UNOSAT Module included in international humanitarian assistance course

22 May 2012, Geneva, Switzerland - Offered in Geneva by Duke University’s Terry Sanford Institute of Public Policy and hosted at the United Nations Institute for Training and Research (UNITAR), the Programme on Global Policy and Governance is designed to expose future international policy leaders to the field of global governance and policy from an academic and experiential perspective.  In addition to the ten week Geneva Policy Internships, a major element of the Programme is the course International Humanitarian Assistance: Policy, Law and Practice, which traditionally includes a module on UNOSAT humanitarian rapid mapping service. This year the course will run from June 25 to 29.DUKE Students

The course is intended to provide students with a dynamic and thorough introduction to international humanitarian assistance covering legal aspects and major practical and policy considerations with regard to implementation.  The course is practitioner oriented with a strong foundation in both academic theory and current events. The structure includes institutional briefings and class lectures from experienced high-level practitioners.

By outlining the framework of international human rights law and other branches of international law relevant to humanitarian assistance including international humanitarian law and refugee law, the course discusses the humanitarian principles of humanity, neutrality, impartiality and independence.  Given their current international relevance, it also presents a brief history and the main elements behind the notion of “human security,” humanitarian reform, as well as, the importance of coherence within the UN system.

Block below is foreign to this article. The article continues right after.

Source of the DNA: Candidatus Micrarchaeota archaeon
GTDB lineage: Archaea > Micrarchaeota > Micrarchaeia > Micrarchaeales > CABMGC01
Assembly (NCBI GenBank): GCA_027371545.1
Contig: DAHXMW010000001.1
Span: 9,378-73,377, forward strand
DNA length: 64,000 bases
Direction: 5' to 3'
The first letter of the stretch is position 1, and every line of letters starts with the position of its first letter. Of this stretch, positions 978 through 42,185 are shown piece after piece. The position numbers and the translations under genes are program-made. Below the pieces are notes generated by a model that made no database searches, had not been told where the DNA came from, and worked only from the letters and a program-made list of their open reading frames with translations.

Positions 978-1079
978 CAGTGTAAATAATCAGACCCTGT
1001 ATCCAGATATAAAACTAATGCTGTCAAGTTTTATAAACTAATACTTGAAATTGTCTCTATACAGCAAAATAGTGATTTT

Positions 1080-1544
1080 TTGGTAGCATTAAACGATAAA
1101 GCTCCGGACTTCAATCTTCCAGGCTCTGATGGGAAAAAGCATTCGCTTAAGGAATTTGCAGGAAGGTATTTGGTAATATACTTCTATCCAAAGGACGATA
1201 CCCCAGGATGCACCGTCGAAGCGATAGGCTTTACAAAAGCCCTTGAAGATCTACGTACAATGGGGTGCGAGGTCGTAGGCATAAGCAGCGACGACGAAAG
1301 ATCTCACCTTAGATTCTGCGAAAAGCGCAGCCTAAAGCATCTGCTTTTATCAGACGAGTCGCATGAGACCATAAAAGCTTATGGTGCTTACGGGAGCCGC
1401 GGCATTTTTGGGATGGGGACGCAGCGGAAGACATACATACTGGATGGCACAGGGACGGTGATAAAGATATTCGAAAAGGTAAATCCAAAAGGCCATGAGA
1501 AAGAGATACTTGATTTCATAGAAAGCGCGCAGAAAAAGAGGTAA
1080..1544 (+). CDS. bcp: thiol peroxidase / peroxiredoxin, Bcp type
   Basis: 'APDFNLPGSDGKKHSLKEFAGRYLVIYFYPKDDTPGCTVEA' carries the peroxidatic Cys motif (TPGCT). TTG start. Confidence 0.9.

Key considerations regarding the implementation of humanitarian assistance, including early warning systems, and operational challenges such as timely response and unhindered access; funding; coordination and cooperation; political considerations; DUKE studentsthe relationship between humanitarian assistance and longer-term sustainable development are discussed.  Students are introduced to the many actors that play a part in providing humanitarian assistance ranging from the United Nations to the International Committee of the Red Cross (ICRC) to non-governmental actors.

The course maintains a focus on those affected by humanitarian crises and the specific approaches to respond to their situations.  It looks at protection and assistance for refugees and internally displaced persons (IDPs); and the special needs of particularly vulnerable groups including women and children.  UNOSAT mapping and satellite analysis work has been a regular feature in the course for several years.

Photos: 2011 course in Geneva courtesy of Duke Unversity